Ricks has eloquently documented the lives of two of the most consequential personalities of the twentieth century.
Read the full review of Churchill and Orwell: The Fight for Freedom by Thomas E. Ricks.
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George Orwell’s Diaries edited by Peter Davison
George Orwell Diaries edited by Peter Davison changed my life, and I’m forever grateful
Down and Out in Paris and London and The Road to Wigan Pier are two vivid works of first-person reporting by Orwell, and you’ll find a bit of both in his diaries as well the seeds to Nineteen Eighty-Four.
Orwell’s perceptions of Churchill, the totalitarianism threat, and World War II are written in real time and display Orwell’s clear thinking as well as his gift of prose, objective truth, and understanding of politics that are as fascinating as anything he wrote.
Orwell’s love for gardening and raising animals is present in abundance.
The Morocco diaries capture the flavor, politics, animals, and people at that time.
The diaries begin with a fine introduction by the late journalist and author Christopher Hitchens: “By declining to lie, even as far as possible to himself, and by his determination to seek elusive but verifiable truth, he showed how much can be accomplished by an individual who unites the qualities of intellectual honesty and moral courage.”
Orwell’s daily or weekly observations are filled with wisdom and riches. If you want to read the most revealing book about George Orwell, read his diaries.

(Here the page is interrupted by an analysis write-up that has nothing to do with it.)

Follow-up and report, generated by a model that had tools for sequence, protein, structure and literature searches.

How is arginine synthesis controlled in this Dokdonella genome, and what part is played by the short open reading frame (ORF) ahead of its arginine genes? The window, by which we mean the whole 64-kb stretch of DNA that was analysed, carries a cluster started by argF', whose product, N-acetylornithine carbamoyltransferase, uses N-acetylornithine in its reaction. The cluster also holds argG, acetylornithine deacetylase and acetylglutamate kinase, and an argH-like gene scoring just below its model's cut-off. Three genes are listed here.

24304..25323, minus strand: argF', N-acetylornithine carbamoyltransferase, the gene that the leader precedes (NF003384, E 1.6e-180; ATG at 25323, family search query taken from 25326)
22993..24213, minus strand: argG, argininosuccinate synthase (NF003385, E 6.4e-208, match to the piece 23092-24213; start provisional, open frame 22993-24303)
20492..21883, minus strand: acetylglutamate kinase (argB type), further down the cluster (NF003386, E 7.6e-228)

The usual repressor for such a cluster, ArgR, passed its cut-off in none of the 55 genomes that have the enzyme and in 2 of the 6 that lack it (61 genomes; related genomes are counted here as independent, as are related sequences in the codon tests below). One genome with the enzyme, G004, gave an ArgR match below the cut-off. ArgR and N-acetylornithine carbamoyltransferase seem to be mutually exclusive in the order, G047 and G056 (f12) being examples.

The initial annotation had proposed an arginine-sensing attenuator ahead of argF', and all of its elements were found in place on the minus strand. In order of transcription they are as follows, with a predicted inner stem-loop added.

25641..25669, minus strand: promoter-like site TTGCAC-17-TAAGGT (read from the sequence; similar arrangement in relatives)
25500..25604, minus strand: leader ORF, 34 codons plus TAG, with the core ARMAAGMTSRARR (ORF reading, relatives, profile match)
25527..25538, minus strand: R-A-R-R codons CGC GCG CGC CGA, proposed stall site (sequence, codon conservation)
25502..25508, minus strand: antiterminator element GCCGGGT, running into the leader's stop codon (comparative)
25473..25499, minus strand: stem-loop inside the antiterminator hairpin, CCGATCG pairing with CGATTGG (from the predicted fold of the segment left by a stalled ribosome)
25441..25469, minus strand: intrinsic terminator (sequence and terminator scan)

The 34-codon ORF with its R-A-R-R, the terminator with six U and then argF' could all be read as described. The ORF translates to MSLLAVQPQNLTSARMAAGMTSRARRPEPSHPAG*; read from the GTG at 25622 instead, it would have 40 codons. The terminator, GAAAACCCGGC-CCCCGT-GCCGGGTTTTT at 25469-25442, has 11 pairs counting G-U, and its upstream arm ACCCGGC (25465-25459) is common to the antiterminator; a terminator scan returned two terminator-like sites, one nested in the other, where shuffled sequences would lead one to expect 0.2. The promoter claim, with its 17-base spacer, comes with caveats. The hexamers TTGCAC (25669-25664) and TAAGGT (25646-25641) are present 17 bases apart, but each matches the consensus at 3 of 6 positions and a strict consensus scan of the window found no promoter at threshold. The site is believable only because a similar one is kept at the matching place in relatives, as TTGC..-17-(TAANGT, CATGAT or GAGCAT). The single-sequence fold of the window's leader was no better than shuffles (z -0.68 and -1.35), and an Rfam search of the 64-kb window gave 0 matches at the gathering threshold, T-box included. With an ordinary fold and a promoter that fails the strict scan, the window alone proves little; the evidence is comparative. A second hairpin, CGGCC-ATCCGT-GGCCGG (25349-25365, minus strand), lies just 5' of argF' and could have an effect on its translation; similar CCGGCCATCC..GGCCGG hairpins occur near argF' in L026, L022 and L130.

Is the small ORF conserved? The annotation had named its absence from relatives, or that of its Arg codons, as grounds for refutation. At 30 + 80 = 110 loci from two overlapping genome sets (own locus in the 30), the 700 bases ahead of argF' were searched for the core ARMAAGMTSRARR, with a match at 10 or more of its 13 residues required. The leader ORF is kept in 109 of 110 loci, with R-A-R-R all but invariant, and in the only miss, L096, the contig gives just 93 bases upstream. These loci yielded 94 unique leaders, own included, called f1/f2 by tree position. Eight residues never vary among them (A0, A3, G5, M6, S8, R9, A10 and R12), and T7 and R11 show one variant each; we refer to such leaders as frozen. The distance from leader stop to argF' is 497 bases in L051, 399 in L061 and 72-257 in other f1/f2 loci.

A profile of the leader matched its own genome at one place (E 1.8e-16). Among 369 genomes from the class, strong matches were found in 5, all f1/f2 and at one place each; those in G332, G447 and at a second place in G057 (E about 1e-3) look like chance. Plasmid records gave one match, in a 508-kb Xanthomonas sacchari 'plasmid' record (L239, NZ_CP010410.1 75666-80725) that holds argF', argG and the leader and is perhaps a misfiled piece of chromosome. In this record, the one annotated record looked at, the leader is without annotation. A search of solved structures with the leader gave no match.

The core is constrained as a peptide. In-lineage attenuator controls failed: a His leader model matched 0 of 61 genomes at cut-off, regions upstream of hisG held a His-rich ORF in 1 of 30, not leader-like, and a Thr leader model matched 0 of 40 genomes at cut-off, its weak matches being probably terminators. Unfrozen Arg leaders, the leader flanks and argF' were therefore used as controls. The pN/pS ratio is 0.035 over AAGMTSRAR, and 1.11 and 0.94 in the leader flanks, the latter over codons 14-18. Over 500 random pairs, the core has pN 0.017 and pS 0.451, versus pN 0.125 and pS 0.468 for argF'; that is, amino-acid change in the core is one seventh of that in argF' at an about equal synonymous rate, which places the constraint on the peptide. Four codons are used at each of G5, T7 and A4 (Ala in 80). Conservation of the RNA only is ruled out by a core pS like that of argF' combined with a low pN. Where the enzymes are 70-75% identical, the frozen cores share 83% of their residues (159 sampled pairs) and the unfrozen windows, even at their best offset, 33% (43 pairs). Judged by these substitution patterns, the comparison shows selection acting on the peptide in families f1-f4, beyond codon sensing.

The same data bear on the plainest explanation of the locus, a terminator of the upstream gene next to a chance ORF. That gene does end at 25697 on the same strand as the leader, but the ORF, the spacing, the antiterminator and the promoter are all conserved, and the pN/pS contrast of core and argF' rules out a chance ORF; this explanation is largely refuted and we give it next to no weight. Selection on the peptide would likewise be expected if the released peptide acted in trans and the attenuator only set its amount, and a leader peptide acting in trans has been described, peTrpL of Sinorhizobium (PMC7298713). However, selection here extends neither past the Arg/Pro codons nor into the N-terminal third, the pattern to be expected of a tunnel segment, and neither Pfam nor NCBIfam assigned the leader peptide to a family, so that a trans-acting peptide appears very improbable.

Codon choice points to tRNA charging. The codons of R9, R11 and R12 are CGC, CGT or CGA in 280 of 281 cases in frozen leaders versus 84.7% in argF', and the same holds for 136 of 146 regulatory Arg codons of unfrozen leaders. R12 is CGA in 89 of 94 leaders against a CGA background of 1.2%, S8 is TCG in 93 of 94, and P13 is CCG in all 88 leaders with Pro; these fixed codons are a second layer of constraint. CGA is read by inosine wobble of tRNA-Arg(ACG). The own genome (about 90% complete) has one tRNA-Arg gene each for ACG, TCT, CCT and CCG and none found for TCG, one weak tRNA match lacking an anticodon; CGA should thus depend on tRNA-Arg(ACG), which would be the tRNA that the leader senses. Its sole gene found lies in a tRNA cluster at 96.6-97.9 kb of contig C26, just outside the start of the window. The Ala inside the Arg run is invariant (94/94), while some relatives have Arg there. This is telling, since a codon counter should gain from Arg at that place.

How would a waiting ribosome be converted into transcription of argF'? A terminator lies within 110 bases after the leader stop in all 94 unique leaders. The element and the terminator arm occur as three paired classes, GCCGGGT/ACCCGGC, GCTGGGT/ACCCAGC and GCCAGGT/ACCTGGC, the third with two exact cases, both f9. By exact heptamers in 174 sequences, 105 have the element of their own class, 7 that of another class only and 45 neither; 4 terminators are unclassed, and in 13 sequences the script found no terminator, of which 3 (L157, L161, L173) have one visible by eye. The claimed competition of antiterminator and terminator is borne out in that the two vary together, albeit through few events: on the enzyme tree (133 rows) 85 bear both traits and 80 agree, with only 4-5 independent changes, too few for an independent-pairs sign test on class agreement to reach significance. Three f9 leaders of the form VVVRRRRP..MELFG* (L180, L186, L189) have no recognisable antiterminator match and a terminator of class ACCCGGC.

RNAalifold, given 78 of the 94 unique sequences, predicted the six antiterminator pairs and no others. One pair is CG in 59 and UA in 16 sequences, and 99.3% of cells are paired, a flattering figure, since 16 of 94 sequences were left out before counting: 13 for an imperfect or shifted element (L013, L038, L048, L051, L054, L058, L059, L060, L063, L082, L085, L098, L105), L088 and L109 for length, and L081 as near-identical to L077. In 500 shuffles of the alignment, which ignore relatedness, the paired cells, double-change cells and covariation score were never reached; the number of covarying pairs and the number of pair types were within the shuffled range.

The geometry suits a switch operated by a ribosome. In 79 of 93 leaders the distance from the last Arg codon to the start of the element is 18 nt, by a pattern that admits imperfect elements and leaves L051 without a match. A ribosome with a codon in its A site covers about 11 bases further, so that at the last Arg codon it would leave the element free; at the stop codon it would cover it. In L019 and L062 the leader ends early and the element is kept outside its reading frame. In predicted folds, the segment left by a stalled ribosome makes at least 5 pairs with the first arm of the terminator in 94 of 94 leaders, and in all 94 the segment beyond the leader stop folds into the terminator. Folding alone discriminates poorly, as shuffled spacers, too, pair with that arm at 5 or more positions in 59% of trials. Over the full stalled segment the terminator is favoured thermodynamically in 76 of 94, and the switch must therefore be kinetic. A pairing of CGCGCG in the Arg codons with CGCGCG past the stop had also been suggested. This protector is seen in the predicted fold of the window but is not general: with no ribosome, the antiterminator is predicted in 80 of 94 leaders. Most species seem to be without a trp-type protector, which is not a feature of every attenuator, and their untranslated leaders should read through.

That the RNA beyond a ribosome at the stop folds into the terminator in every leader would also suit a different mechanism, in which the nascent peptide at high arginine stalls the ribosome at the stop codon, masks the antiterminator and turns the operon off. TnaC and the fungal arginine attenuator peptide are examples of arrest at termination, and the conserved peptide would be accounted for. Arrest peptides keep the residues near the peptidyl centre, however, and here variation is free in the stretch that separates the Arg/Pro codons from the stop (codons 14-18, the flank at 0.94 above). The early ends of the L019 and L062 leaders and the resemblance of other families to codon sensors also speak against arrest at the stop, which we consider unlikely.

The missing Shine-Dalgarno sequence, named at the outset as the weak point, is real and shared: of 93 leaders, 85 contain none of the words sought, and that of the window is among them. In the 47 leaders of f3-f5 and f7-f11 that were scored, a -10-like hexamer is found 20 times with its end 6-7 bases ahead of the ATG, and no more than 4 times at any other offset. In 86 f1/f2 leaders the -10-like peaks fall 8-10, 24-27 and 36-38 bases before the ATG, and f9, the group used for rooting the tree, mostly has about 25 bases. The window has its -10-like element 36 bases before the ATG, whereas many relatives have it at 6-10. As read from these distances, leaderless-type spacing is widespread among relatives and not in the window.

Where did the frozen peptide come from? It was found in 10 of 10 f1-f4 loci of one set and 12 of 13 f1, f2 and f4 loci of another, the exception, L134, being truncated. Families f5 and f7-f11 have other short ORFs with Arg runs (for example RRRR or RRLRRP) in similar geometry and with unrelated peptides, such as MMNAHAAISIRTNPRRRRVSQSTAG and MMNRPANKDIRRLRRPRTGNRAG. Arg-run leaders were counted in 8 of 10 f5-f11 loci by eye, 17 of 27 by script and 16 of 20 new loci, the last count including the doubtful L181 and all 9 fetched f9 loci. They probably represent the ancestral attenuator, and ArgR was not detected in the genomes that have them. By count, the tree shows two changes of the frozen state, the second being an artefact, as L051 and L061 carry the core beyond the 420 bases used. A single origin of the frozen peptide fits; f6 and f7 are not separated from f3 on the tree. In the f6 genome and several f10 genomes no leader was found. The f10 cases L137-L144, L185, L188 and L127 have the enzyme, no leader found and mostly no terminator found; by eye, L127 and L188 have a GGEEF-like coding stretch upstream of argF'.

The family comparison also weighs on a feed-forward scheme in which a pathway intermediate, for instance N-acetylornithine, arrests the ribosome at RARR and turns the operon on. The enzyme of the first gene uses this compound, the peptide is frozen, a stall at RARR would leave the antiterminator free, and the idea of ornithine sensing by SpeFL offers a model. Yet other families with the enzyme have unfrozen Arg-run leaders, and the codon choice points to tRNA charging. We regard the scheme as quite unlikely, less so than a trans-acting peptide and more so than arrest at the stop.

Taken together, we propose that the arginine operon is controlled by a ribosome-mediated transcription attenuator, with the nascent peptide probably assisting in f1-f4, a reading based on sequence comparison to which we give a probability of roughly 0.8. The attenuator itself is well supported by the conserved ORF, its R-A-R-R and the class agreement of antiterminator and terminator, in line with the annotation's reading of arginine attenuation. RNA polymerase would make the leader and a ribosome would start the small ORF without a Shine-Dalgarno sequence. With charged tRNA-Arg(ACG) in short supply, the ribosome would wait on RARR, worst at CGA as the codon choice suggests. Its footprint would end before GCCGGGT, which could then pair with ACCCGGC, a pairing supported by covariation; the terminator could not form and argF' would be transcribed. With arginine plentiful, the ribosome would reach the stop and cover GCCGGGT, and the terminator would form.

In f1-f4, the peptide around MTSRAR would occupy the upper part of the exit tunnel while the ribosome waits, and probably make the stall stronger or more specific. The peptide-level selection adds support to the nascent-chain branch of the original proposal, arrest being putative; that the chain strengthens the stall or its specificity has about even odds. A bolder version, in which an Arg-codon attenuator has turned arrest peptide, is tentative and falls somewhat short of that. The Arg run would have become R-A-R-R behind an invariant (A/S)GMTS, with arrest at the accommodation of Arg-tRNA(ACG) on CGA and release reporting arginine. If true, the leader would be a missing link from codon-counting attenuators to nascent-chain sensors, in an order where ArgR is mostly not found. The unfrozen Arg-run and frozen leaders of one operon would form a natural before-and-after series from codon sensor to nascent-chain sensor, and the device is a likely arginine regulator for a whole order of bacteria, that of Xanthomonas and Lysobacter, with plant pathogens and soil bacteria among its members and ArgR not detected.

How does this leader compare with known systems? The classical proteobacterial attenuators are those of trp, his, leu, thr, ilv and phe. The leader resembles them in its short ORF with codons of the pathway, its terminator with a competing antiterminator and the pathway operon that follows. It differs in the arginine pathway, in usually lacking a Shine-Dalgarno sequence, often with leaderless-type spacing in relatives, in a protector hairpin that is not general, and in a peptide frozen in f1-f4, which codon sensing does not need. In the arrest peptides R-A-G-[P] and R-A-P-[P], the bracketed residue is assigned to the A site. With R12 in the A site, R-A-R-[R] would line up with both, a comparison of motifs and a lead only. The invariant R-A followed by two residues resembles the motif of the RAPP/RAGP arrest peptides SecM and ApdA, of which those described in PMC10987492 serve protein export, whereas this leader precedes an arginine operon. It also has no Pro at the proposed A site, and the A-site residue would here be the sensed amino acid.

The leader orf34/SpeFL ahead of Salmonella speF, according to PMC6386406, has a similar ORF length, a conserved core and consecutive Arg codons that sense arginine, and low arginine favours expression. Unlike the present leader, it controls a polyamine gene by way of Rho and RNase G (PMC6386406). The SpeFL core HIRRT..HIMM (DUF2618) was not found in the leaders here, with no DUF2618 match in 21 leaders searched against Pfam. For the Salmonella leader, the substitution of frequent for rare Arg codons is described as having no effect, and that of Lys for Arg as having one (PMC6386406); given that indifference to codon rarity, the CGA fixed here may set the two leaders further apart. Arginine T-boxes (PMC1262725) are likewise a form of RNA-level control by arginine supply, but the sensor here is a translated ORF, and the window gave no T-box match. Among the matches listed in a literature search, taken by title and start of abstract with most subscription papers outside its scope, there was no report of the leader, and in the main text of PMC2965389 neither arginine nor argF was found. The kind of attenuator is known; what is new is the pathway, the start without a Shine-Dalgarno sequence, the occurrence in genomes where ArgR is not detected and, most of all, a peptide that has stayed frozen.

Read Noovella’s full review of George Orwell’s Diaries.
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Eileen: The Making of Orwell by Sylvia Topp
Eileen: The Making of Orwell by Sylvia Topp examines Eileen O’Shaughnessy’s life and her nine-year marriage with George Orwell.
Eileen sacrificed a career of her own to live in poverty with George Orwell. She visited Spain to support Orwell during the Spanish Civil War and played a pivotal role in helping him escape to France. She cared for an ill Orwell in Morocco. During World War II their apartment was flattened by a Nazi bomb. They adopted a son, Richard, who is now the Patron of the Orwell Society. Topp writes “It became very clear to me that her profound influence on his creative work had been neglected.”
This biography is more about Eileen’s impact on Orwell’s books, than the books themselves. Topp explains “It became very clear to me that her profound influence on his creative work had been neglected.” Topp writes about Eileen and George as people. It’s well researched and enlightening, giving us a 360 view of Eileen, who is brilliant and wonderful in her own right.